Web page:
Developmental Milestone Timeline

  • Birth

  • Temperament Styles

    Temperament is clear as early as the first few weeks, and the different types are as follows:
    Easy/Flexible: calm and happy, regular in sleeping and eating, adaptable and not easily upset.
    Difficult/active: fussy, irregular in feeding and sleeping habits, fearful of new situations
    Slow to warm up: inactive and fussy, they withdraw or react negatively to new situations. They like routines.
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    Sensorimotor Developmental Stage (Birth to age 2)

    Piaget's Developmental Stages Babies take in their surroundings, do not yet have object permanence (think that things out of sight are nonexistent), aware of basic logic and basic numbers.
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    Trust vs. Mistrust (Infancy to 1 year)

    Erickson Stage: infancy, if infants' basic needs are met, they trust their caregivers.
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    Pre-Conventional Morality (Kohlberg 1)

    Between birth and age nine, on average, could be later, children don't have their own sense of morality, they must rely on rewards and punishments. Reasoning is based on that.
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    Trust vs. Mistrust (Erikson 1)

    First psychosocial crisis in which the infant's ability to trust, and the virtue of hope, are reliant on the amount of care and stability offered by their primary caregiver. A failure of this would make a child insecure about new experiences or their abilities to control events.
  • Raise head to 45 degrees (2 months)

    Physical and Motor Development
  • Roll Over (2.8 months)

    Physical and Motor Development
  • Sit with Support (4 months)

    Physical and Motor Development
  • Sit Without Support (5.5 months)

    Physical and Motor Development
  • Pull Self to Standing Position (7.6 months)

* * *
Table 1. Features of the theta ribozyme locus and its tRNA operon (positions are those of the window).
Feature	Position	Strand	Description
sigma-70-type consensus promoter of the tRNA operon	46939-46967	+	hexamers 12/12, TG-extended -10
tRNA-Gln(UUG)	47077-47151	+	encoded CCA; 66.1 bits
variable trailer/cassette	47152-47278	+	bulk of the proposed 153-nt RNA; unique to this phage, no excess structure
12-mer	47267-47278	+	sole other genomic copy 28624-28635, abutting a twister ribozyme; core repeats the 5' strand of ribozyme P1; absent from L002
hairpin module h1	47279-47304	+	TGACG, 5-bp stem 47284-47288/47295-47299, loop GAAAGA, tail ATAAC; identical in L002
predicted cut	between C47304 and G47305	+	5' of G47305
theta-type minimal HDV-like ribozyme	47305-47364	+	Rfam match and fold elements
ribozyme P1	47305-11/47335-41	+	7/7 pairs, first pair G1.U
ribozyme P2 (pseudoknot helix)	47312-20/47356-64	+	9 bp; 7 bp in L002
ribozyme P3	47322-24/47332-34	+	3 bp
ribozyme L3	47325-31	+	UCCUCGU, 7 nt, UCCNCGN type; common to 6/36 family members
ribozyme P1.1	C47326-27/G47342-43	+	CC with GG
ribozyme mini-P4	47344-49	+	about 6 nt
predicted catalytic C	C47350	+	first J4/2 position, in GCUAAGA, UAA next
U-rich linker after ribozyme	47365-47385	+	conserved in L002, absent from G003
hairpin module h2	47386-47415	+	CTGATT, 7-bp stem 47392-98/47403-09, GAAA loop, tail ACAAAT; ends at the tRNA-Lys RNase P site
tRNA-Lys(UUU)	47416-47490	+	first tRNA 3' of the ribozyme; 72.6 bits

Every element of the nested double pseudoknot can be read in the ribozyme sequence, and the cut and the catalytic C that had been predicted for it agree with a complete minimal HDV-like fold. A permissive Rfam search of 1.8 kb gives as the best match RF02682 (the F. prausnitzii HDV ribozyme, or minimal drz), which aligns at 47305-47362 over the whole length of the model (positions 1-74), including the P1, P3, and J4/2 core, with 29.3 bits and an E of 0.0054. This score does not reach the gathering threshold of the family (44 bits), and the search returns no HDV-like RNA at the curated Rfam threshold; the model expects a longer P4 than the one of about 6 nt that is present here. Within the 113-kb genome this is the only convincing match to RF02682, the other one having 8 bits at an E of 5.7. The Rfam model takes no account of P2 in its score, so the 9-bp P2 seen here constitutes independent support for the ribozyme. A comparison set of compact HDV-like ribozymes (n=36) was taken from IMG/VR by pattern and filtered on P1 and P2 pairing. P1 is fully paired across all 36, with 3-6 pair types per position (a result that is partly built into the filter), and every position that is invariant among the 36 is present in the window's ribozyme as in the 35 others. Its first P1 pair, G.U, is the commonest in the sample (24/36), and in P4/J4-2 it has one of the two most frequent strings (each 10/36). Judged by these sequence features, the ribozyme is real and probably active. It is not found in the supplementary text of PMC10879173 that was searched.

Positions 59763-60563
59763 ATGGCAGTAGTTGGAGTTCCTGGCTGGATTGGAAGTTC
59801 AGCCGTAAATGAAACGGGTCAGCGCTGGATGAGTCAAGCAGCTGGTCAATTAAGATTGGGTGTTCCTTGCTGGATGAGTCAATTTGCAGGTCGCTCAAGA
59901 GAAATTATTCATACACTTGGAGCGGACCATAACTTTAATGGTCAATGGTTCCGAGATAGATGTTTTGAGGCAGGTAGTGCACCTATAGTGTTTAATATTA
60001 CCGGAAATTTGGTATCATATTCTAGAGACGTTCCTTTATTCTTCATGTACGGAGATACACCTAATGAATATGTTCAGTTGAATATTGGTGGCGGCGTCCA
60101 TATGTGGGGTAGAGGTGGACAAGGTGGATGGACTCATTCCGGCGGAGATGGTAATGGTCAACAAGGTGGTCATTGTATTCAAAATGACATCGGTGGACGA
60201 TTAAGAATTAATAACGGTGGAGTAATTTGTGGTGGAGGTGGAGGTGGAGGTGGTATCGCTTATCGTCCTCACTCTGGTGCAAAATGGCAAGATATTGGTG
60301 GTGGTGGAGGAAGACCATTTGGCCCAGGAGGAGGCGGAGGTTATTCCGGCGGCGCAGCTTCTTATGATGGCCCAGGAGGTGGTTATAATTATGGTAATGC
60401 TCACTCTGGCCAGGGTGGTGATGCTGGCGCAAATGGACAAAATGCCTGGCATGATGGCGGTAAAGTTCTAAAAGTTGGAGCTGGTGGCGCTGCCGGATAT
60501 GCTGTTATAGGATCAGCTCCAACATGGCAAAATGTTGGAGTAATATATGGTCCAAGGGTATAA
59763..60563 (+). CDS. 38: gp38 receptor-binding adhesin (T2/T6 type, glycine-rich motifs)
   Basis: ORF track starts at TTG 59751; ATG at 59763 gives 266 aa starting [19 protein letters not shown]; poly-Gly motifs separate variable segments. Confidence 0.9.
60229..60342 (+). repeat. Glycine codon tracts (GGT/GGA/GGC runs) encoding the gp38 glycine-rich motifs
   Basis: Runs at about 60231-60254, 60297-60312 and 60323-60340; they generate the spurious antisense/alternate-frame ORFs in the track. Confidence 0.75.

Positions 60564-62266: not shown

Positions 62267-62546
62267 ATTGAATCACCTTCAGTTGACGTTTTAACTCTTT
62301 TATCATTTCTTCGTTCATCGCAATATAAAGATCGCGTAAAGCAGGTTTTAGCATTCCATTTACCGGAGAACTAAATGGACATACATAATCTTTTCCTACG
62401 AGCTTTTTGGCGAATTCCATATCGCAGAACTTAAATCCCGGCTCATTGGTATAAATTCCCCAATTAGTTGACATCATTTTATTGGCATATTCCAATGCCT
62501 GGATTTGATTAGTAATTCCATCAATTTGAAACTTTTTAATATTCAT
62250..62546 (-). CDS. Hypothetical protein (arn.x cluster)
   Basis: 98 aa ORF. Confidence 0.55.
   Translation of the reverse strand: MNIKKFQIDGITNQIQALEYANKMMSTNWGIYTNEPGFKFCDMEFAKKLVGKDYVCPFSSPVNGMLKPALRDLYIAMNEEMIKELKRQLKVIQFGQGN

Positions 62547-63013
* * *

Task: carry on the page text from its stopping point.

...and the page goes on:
• Walk Holding on to Furniture (9.2 months)

    Physical and Motor Development
  • Creeping (10 months)

    Physical and Motor Development
  • Stand Alone (11.5 months)

    Physical and Motor Development
  • Attachment Between Child and Caregiver Fully Developed

    Mary Ainsworth discovered the different types of attachment between children and parents. They are fully developed/clear at 12 months old.
    Secure attachment: the child is distressed when their mother or caregiver leaves, but returns to happy when she comes back.
    Ambivalent: intensely distressed when the mother leaves, still upset when the mother returns, may push her away.
    Avoidant: child is not distressed by mother's absense and shows little interest in her return.
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    Autonomy vs. Shame and Doubt (Erikson 2)

    Children begin to assert independence, discovering their skills. Parents must allow their children to explore or their children will not be able to care for themselves. The virtue is will.
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    Preoperational Stage (Age 2 to 6 or 7)

    Children are too young to perform mental operations, they lack an understanding of conservation, they are egocentric (always relating things back to themselves and are unable to put themselves into others' point of view), and they are being to understand theory of mind, or the ability to read someone's intentions.
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    Initiative vs. Guilt (Erikson 2)

    Children begin to assert themselves more frequently. Play is important in this stage, such as role-playing or imagination based games. If this is not allowed, children will develop a sense of guilt and feel like a nuisance to others and lack self-initiative. Virtue of purpose
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    Industry vs. Inferiority (Erikson 4)

    Chilren are learning to read, write and do math on their own. A child's peer group becomes more important to their self-esteem. If they are encouraged, they feel industrious and confident in their ability. The virtue is competence.
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    Concrete Operational Stage (Age 6 or 7 to about 12)

    Children can think with concrete, physical objects, and understand conservation but they cannot think abstractly.